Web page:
1

Is there a word for fruit-like that could be uttered by an aristocratic gentleman of the 18th Century in a club such as Boodle's without sounding anachronous or ill-befitting of his class?

Before anyone mentions it, I have looked at 'fruitlike', but, due to its lack of use pre-1850 (Ngrams) and the fact it is being corrected by my spell-checker due to its rarity, I am discounting it.

Adjective

fruitlike ‎(comparative more fruitlike, superlative most fruitlike)

  1. Resembling fruit.
    • The chewing gum had a fruitlike fragrance.

(Wiktionary)

I have also looked at fruity but, in my setting, it seems slightly out-of-place, despite it being used at the time†.

Adjective

fruity ‎(comparative fruitier, superlative fruitiest)

  1. containing fruit or fruit flavouring
  2. similar to fruit or tasting of fruit
  3. (informal) mad, crazy
  4. (informal, derogatory, LGBT, of a male) effeminate or otherwise flamboyant or homosexual
  5. (Britain, informal) sexually suggestive.
    • His text message was filled with fruity language.

The sentence into which my word needs to fit is as follows:

By George! doesn't that painting render his head so dreadfully [fruity]


† It was used at the time, but I am unsure as to with which meaning; № 3, 4, 5 would certainly not fit.

fruity (adj.)
1650s, from fruit + -y (2). Related: Fruitiness.

(Etymoline)

The example sentence doesn't need to be too rigid; if you can find a good word, don't let the sentence stop you!

  • You could try fructuous. The meaning might be close enough for your purposes. – Mick Nov 24 '16 at 18:27
  • What kind of fruit did you have in mind? Would something like pear-shaped work? – 0xFEE1DEAD Nov 24 '16 at 18:28
  • @0xFEE1DEAD Any sort of fruit is acceptable, but pear-shaped wouldn't work as it is too specific, I would prefer it to cover all fruit. – BladorthinTheGrey Nov 24 '16 at 18:34
  • 1
    ... Miss Jenkyns and Miss Matty used to rise up, possess themselves each of an orange in silence, and withdraw to the privacy of their own rooms to indulge in sucking oranges.” That was published in 1851. Oranges were a special treat. A century earlier, I doubt anyone was eating any tropical fruit in the British Isles yet. So we need to figure out what fruit they were eating. I will guess: apples, pears, quinces, plums, maybe strawberries -- not sure, berries. I think there is an adjective that means like an apple, starts with pomm. – aparente001 Nov 24 '16 at 23:58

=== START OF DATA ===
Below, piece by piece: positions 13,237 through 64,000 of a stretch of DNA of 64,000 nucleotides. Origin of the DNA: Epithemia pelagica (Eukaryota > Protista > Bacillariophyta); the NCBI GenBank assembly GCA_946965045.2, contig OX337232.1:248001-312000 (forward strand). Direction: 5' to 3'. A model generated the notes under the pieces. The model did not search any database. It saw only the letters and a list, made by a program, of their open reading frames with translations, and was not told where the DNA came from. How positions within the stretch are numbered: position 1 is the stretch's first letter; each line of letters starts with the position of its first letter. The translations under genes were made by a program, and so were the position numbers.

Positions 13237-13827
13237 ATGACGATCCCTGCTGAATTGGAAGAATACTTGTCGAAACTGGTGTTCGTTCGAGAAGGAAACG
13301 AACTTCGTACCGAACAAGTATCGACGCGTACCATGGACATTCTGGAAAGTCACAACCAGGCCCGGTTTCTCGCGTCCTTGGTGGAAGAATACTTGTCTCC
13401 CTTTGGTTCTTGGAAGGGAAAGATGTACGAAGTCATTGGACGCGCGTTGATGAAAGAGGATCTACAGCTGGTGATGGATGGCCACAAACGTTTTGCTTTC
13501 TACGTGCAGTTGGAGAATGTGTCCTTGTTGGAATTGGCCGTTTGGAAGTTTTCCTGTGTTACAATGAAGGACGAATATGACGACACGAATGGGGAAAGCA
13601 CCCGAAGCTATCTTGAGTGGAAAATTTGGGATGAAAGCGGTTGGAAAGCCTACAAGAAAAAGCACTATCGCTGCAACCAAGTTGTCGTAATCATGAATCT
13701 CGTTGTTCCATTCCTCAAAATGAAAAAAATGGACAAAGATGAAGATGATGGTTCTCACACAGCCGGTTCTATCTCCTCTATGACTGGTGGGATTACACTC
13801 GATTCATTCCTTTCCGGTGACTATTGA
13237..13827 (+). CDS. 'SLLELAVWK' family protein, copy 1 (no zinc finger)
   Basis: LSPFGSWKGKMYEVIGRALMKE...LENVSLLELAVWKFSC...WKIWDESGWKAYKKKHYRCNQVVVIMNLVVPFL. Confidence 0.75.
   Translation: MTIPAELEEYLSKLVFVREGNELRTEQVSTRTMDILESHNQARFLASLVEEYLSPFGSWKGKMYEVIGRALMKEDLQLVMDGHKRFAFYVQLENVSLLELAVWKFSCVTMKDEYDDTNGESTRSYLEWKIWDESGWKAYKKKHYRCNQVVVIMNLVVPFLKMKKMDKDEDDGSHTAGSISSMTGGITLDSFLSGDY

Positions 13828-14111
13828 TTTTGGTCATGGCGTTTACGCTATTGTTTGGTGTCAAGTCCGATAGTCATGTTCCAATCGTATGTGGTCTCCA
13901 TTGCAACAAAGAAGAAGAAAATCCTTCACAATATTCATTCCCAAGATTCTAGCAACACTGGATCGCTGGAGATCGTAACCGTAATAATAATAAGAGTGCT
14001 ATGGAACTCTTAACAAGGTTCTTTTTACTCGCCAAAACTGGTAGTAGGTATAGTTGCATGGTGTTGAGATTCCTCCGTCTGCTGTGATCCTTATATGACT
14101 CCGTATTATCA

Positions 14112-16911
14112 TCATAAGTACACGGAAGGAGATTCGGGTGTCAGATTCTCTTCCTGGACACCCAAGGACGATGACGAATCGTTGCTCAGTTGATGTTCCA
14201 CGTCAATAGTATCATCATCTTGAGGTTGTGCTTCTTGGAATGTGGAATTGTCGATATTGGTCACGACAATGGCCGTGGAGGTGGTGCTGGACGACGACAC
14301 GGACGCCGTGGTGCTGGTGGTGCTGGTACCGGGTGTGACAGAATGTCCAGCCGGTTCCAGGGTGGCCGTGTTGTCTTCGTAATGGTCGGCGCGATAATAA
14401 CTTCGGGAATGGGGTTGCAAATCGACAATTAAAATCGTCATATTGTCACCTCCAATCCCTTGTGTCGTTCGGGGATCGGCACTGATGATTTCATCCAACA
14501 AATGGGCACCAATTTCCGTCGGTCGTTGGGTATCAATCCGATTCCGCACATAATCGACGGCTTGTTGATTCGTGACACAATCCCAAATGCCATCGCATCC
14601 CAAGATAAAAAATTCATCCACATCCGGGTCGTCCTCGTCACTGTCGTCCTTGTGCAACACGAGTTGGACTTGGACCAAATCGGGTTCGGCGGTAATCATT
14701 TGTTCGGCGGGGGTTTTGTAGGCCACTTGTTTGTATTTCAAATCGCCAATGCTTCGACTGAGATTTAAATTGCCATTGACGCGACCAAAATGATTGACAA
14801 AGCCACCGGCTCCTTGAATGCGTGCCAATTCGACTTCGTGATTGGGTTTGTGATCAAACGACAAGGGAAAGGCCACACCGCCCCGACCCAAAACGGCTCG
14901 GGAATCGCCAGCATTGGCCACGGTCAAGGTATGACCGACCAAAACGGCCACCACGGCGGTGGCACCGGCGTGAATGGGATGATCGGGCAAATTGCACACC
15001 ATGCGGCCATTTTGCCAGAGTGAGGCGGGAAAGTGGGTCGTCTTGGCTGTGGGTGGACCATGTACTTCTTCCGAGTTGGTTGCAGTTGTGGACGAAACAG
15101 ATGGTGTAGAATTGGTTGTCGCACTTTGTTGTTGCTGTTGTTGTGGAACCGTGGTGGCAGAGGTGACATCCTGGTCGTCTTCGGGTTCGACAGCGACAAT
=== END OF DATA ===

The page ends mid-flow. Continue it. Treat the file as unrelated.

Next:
• 1
    Is there some reason why you cannot use a descriptive propositional phrase instead of an adjective here? So for example, “The chewing gum had the fragrance of fruit.” That seems more authentic to the period than pulling out some abstruse term unknown or at least unused by most native speakers. – tchrist Nov 27 '16 at 17:49
4

Fructiform appears to exist as an obscure word for "having the form of a fruit" Merriam-Webster. My Collins dictionary doesn't list it, and I can't find any further details of how long it has been in use.

  • I like that! It has a rather frivolous air! Can you know any further use though? I have vaguely heard of it. Perhaps Ngrams can tell us something? – BladorthinTheGrey Nov 24 '16 at 22:21
  • @BladorthinTheGrey I couldn't get anything out of ngram. Google books shows a few examples from the early 19th century, but none from the 18th. – Simon B Nov 24 '16 at 22:55
  • That's not great for my setting but it's good anyway. – BladorthinTheGrey Nov 25 '16 at 6:54
  • 1
    From the full OED: fructiform - Having the form of a fruit. Theor first (and only! :) citation is 1816 Sir J. Sinclair in Monthly Mag. XLII. 298 The fructiform productions which were found upon the same stalks often remained fixed together. – FumbleFingers Jul 12 '17 at 17:51
0

Fructiferous maybe? (Bearing or producing fruit, OED)

Your Answer

By clicking “Post Your Answer”, you agree to our terms of service, privacy policy and cookie policy

Not the answer you're looking for? Browse other questions tagged or ask your own question.